Northern Graphite: Betting on car demand, and a new refining process
Electric car fever has led to sharp increases in lithium and cobalt, on an expected explosion in new demand for these materials. The same trend should boost the graphite market, says Greg Bowes, CEO and Director of Northern Graphite Corp. (TSXV: NGC | OTCQX: NGPHF).
Graphite is found in the anodes of lithium-ion batteries. While 0.8 kilograms of lithium carbonate is used in a li-ion battery, 1.6 kilograms of graphite is needed in the anode component of the battery. And for every 1 million electrical vehicles (EVs) produced a year, an additional 100,000 tpy of graphite flake capacity is needed, Bowes said. The industry globally produces 650,000 tpy of graphite flake currently.
With a 40% price increase in 2017, the graphite market may be starting to turn from a multi-year lull as EV production lines click into production, said Bowes. A host of carmakers plan to introduce EVs this year, from Nissan introducing its middle-of-the-road EV Leaf model to an upgraded version of the Chevrolet Bolt. Even Toyota Motor Corp., after a lengthy study to develop hydrogen fuel cells, announced its intention to introduce EV car models in December.
“It’s been known for 4 to 5 years,” Bowes said of the eventual demand coming from EVs. In the case of lithium, “the big companies didn’t do anything until there have been shortages and they had a gun to their head.”
None of the automakers, or specialized anode makers such as Hitachi or Samsung have yet to sign an off-take agreement with a graphite supplier, Bowes said. That is probably about to change, he said.
Northern Graphite owns the Bissett Creek concession in Ontario province located 15 kilometers away from the Trans-Canada Highway. The deposit has the potential to produce 20,800 tpy of high purity flake, Bowes said. Northern Graphite, like developers of other projects in North America, hopes to clinch an off-take deal with a player in the li-ion battery market.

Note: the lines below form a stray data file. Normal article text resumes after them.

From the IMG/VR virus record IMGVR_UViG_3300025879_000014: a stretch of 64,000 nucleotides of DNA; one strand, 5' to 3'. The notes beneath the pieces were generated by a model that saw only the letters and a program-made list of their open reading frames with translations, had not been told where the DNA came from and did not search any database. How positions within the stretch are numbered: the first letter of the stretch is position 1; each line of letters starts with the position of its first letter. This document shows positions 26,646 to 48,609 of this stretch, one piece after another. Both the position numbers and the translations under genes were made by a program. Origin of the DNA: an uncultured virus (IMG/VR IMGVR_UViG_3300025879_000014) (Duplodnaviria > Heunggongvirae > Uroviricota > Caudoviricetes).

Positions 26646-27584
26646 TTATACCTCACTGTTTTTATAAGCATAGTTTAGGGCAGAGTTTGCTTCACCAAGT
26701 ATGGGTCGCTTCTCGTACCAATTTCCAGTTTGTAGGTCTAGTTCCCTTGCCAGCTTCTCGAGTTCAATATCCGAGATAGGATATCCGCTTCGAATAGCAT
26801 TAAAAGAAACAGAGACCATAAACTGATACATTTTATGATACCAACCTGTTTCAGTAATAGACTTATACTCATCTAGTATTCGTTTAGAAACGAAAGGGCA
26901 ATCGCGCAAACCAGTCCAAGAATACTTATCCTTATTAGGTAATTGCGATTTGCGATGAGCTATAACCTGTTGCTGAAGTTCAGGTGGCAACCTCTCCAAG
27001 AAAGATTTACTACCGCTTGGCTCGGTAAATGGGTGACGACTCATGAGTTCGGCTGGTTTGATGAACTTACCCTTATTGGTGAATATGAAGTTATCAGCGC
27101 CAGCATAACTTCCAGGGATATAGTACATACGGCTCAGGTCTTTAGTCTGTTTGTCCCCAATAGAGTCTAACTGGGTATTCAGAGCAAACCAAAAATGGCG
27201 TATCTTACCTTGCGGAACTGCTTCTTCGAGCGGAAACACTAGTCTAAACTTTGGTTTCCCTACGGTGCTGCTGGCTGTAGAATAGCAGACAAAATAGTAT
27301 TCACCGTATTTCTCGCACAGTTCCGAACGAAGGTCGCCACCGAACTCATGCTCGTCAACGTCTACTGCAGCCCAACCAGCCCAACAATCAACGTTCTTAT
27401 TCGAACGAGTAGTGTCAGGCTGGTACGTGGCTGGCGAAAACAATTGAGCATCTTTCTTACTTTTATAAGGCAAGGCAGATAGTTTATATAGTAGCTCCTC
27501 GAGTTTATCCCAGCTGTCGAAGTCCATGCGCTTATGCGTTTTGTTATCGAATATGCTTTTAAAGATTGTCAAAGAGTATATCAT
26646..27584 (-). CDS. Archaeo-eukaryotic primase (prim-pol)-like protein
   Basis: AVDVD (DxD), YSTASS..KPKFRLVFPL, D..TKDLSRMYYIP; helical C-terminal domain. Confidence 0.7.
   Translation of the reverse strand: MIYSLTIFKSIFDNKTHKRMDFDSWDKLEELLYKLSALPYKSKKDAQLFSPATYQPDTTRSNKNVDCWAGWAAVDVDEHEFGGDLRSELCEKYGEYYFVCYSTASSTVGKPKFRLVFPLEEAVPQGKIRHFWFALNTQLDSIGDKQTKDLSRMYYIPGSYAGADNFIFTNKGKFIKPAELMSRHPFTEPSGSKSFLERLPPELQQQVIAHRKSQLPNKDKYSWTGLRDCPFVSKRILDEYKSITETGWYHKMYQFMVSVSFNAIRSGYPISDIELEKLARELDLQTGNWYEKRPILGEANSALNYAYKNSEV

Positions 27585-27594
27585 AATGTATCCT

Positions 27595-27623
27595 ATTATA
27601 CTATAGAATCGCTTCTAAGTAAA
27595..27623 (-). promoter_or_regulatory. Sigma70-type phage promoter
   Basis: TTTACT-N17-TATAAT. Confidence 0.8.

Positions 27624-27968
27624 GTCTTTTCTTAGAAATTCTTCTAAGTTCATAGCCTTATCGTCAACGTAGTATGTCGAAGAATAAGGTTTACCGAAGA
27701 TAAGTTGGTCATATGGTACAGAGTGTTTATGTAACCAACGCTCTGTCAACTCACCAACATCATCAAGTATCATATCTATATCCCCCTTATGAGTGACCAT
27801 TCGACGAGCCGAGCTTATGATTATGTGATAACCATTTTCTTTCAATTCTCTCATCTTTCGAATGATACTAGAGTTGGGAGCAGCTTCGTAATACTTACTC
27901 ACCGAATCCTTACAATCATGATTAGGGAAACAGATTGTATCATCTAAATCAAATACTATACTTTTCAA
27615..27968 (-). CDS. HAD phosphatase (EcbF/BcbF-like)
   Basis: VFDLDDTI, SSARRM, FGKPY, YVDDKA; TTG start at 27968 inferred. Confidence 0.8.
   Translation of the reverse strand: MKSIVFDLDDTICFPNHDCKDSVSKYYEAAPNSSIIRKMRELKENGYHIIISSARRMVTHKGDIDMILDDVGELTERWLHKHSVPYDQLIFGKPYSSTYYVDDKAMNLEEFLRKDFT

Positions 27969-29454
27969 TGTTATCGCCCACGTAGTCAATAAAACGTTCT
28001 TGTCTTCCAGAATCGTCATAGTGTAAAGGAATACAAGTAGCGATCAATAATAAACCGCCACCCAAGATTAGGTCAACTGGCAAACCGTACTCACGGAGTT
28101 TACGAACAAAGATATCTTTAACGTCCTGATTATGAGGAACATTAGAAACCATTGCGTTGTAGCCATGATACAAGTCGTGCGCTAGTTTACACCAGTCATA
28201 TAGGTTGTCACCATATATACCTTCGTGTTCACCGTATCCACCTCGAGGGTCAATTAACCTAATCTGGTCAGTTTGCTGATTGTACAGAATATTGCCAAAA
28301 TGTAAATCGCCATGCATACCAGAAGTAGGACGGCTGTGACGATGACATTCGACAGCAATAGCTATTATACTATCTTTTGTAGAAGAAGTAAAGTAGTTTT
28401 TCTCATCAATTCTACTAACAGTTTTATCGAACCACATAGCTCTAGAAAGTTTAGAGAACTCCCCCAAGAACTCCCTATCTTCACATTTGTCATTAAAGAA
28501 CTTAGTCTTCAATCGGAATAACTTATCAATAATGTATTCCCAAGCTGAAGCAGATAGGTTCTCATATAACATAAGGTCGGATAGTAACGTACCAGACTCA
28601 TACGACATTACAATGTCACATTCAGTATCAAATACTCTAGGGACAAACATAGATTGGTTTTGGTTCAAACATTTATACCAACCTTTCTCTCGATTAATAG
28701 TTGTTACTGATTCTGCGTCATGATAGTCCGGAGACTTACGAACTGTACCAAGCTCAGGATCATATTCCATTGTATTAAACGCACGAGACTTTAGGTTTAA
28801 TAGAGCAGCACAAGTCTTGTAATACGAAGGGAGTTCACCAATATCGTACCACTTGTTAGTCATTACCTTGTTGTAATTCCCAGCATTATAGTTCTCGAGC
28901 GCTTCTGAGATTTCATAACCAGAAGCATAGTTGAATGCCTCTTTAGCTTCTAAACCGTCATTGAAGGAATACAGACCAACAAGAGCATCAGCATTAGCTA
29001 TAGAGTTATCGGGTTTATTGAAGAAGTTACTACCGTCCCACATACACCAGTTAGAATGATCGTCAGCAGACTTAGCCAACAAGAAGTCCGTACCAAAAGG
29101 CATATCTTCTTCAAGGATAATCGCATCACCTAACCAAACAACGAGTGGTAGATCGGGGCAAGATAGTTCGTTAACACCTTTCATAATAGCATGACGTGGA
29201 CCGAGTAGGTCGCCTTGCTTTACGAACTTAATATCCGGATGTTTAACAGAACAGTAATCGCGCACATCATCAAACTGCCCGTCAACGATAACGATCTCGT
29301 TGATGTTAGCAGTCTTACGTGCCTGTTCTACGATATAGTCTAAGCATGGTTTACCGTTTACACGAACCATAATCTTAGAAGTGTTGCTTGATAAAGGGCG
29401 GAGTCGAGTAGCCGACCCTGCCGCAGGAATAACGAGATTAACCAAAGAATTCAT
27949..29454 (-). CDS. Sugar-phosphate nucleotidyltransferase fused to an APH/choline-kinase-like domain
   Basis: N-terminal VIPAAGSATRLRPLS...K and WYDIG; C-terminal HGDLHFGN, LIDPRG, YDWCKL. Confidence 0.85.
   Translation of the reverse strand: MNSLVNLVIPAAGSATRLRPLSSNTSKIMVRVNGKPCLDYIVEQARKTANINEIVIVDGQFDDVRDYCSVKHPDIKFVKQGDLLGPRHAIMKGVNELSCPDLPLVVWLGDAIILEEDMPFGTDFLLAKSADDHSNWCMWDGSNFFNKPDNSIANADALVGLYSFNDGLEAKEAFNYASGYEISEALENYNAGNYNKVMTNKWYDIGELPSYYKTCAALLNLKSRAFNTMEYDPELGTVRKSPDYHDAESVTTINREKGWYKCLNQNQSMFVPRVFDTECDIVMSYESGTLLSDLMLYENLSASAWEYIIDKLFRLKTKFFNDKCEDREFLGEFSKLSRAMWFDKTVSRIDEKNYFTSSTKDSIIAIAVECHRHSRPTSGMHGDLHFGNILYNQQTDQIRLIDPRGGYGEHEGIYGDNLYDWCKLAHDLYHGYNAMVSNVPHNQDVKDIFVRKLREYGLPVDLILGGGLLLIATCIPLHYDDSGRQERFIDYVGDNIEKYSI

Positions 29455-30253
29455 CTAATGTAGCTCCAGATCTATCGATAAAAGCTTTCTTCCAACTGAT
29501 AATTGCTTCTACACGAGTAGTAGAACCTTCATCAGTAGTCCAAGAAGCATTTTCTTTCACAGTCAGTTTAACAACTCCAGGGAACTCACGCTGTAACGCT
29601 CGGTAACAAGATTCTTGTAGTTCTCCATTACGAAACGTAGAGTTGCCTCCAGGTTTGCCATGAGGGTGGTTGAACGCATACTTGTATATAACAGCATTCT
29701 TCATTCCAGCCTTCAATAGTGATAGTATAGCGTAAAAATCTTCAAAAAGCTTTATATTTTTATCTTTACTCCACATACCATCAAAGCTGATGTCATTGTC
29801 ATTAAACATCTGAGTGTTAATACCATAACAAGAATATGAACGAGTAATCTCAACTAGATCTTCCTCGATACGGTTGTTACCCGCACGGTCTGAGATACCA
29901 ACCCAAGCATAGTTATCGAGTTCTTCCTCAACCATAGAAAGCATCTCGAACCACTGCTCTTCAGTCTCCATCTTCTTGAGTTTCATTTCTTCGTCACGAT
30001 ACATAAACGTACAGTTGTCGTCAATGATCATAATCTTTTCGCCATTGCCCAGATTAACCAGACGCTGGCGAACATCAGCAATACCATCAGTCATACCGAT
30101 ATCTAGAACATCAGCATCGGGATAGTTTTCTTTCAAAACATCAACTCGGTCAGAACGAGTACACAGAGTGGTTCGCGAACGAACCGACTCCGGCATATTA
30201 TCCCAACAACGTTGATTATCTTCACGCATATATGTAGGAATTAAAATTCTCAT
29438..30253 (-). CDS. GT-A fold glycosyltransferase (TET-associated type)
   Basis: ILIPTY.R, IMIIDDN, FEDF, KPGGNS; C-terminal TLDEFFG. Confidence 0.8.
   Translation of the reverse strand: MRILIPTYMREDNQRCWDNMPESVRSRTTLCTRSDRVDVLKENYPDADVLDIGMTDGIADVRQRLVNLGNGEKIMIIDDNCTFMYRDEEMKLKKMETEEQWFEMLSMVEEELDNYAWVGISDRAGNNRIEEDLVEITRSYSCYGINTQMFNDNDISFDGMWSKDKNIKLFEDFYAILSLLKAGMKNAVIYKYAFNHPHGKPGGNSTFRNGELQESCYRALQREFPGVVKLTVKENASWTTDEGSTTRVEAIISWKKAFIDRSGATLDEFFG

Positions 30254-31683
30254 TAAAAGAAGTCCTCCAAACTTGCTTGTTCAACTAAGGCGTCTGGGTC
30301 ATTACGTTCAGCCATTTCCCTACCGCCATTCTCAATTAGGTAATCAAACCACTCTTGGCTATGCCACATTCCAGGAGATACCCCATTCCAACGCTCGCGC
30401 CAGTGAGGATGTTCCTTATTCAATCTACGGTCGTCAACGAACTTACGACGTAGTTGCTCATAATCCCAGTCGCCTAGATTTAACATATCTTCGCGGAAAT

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Graphite prices have traditionally followed the vagaries of the Chinese steel industry. Used as the inner brickwork in steel furnaces because of graphite’s tolerance to heat, prices shot up to $3,000 a ton in 2012 when China’s steelmaking capacity exceeded 1 million tons and have slumped to $750/t in 2016. A 40% increase in 2017, from rock bottom levels, gives the industry hope of a turnaround. Bissett Creek can produce at cash costs of $600/t to produce concentrate, after an US$84 million start-up investment. The project has an internal rate of return (IRR) of about 20%, Bowes said.
One of the most valuable assets within Northern Graphite’s list of assets might be the patented refining process that the company developed with mining engineering firm Hatch, Bowes said.
Chinese graphite producers, home to three-quarters of supply, use hydrofluoric acid to treat graphite, or as Bowes puts it: “one of the nastiest substances known to man”. Northern Graphite and Hatch’s process avoids the use of hydrofluoric acid and could be of interest to other producers that plan new mines in countries with more stringent regulations than China, he said.
A Louisiana town recently rejected the development of a refining plant to make battery anode material, known as BAM, by Australian-traded Syrah Resources because of the use of hydrochloric acid. Syrah Resources is developing potentially the world’s largest graphite mine in Mozambique.
Northern Graphite is open to licensing its cleaner technology to other producers and may even start up an anode materials plant, processing material from third parties, ahead of developing Bissett Creek, Bowes said.
Matt Craze has covered commodity markets for more than 20 years, working as a research at CRU International, and for over 10 years as a ... <Read more about Matt Craze>